“Iss baar mere mind mein tha ke bindass khelna hai, jo hoga dekha jaayega”. [I wanted to play carefree cricket this time and not worry about fate]
This was in complete contrast to what Harpreet Brar felt when he made his IPL debut in 2019. “There is excitement but I am nervous as well”, admitted Brar when he heard he was in the XI against the Delhi Capitals in 2019. Picked as an unknown commodity in the auction ahead of that season, that was also his debut across any format at the domestic level.
As he walked out to bat, at number eight, he had the then captain Ravichandran Ashwin at the other end. Doing his bit, the skipper asked him to smile to ease his nerves. But, gestures alone are fruitless without results. A bigger confidence booster was a four he hit off the second ball he faced. Set by the time he faced the last bowl of the innings, he was able to preempt a hard length from Kagiso Rabada, since he beat him with one a ball before. Prepared to pull, he timed the shot well enough to send the ball over the square-leg fence. A 12-ball 20* at number eight was a decent start to his career.
However, when it was his turn to bowl, Brar delivered two expensive overs as Delhi crossed the line with ease. In the next two outings, both against Chennai in 2019 and 2020, he had combined figures of 0/65 in his seven overs. He did not get a chance to bat in either of them.
Punjab have been struggling to find a settled XI this year. A glaring void in their makeup was the absence of an Indian all-rounder. Even then, they did not give Brar a chance in Chennai, where a spinner could have had more purchase. But, whatever their performance be against other teams, the side with a handful of Karnataka players have always been a notch ahead tactically while playing the Bangalore franchise. Last year, they included both their leggies against them to contain AB de Villiers and Virat Kohli. This year, they added Brar to counter Glenn Maxwell against his least favourite bowling type.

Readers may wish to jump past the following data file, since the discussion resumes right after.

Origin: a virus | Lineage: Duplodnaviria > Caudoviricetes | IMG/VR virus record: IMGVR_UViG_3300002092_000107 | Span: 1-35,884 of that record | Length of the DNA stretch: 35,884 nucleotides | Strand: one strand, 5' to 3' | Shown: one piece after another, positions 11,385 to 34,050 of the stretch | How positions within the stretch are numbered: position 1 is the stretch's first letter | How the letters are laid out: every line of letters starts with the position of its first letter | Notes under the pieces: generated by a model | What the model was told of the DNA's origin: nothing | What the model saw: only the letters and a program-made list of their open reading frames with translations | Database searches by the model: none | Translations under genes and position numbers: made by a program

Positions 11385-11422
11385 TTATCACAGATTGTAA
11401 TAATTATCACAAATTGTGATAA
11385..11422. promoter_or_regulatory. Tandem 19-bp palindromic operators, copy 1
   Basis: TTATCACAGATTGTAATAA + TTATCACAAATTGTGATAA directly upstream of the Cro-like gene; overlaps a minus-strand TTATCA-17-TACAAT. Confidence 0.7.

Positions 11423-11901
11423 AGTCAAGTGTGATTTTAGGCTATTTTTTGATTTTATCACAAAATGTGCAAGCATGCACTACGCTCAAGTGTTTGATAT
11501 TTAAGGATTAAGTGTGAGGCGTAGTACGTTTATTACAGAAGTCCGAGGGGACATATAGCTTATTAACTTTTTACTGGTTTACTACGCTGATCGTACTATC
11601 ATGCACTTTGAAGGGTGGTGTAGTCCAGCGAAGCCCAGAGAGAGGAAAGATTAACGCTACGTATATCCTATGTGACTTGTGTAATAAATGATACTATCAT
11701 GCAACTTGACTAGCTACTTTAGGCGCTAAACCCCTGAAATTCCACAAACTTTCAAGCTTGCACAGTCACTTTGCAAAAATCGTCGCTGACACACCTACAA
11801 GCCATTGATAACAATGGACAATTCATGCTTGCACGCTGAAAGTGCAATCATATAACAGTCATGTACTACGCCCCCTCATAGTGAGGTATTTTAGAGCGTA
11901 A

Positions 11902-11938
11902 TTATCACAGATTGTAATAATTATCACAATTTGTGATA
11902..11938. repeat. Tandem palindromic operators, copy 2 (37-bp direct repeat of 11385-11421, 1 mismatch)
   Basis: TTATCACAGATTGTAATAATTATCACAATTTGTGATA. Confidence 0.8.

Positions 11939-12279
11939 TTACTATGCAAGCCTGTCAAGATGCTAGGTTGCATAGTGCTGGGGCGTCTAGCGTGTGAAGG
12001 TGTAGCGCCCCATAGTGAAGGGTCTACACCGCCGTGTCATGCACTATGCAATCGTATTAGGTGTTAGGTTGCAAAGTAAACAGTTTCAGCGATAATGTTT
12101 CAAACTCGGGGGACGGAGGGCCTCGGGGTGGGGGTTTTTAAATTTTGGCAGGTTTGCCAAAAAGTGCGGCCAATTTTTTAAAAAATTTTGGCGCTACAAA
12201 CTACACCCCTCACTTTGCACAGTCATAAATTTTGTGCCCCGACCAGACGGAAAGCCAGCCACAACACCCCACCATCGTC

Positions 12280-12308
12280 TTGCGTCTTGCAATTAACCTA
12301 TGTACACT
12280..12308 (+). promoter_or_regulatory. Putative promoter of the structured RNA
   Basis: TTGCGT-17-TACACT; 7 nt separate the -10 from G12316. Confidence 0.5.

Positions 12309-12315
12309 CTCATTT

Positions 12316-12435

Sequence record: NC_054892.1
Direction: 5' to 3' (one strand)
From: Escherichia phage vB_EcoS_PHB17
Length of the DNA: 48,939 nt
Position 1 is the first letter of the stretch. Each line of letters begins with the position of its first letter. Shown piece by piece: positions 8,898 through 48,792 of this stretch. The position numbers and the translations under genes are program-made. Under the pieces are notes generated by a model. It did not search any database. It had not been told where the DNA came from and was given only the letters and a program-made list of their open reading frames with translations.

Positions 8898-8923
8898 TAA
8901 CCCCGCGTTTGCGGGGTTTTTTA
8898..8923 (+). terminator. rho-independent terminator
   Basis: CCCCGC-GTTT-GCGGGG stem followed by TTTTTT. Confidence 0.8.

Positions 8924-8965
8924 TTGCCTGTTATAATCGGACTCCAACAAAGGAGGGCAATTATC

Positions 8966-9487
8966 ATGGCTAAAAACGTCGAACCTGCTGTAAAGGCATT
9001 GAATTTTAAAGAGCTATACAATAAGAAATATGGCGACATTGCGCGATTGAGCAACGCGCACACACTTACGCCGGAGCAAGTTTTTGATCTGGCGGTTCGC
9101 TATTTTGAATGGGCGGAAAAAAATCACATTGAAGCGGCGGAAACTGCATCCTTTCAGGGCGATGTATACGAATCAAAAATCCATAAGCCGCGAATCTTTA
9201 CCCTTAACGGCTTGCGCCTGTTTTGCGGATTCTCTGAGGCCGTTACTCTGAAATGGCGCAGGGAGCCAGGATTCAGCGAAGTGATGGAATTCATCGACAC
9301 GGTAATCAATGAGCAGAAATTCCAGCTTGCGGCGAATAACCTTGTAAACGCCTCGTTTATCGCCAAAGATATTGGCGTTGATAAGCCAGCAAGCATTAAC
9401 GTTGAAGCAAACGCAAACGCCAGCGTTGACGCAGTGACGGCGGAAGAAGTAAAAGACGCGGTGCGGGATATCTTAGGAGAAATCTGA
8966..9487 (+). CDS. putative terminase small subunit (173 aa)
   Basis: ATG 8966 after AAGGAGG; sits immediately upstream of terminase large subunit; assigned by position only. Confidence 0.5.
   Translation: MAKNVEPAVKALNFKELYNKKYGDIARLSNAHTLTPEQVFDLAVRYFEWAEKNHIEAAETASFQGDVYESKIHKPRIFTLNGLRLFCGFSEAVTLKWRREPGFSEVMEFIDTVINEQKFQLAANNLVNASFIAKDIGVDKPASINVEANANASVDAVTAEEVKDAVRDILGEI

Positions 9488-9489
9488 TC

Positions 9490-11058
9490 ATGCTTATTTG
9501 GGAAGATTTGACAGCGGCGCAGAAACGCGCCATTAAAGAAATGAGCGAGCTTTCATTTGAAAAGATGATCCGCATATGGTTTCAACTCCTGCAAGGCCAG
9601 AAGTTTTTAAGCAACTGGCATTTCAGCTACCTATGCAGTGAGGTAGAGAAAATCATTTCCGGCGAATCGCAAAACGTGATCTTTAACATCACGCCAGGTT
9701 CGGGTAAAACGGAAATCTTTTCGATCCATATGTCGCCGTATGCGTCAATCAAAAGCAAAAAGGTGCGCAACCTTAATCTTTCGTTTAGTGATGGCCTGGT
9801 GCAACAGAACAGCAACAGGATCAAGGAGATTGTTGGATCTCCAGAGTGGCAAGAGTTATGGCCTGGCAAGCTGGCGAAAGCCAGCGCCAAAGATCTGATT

Having played three games in the past two seasons, Brar finally made his presence felt. First by playing a cameo, targeting the short leg-side boundary against an out of sorts Harshal Patel. But, his real impact came in the second innings with the ball in hand. In his first two overs, Kohli had already hit him for a six and a four. “Agar koi accha shot lagta hai to koi dikkat waali baat nahi hai” [If a good shot is played off me, no worries] is what Brar told himself.
The other thing he had asked himself was to pull the length back if the batsman charges down the track. This is exactly what he did when a frustrated Kohli danced down on the first ball of the 11th over as the asking rate touched 12. Good became better when Brar bamboozled Maxwell on the next ball. A peach of a delivery, it drifted in a fraction and straightened after pitching to miss the bat and take the bails along the way. In the over that turned the game, Brar finished with four dot balls to AB de Villiers.
In the next over Brar had a slip in place for de Villiers. "My plan against de Villiers was to bowl a touch wide outside off-stump and to make him reach for the ball since it was gripping a bit. That's why I brought in a slip and had the cover fielder slightly up.” Reaching for it as planned, de Villiers failed to get enough elevation to clear KL Rahul at extra cover. “I got a wicket while trying to bowl a dot ball. I am blessed." It speaks volume of the dearth of all-rounders in Punjab Kings that the last time an Indian player scored 25+ runs and took three or more wickets in a match for them was in 2015. Coincidentally, it was another left-arm spinner: Axar Patel.
Assuming a Punjabi to be larger than life character is stereotypical. But, Harpreet moulds seamlessly into the stereotype. The best of mental conditioning coaches agree that the bubble life is tougher for players not part of the XI. In times like these, Brar comes out as a light-hearted person, hanging around with his ‘japps gang’. He might get teary-eyed while reading a book and hence he keeps away from games like scrabble and chess. But as a part of an ice-breaking session, while others around him found it tough to balance a stick on their index finger, he did so while entertaining himself with a step or two of bhangra.
“Pressure leke bhi pehle khel chukka hun, par agar aapse accha nahi hota to aapke upar dobara pressure aata hai. [I have played under pressure in the past. When you don't perform under pressure, you tend to be overburdened with more pressure]. Spending two years with the big boys, Brar has finally decoded the mantra of not letting the pressure get in the way of performance.
A tattoo on his right arm reads “Addicted to Success”. Now when he has finally tasted success, his team will hope that the addiction follows.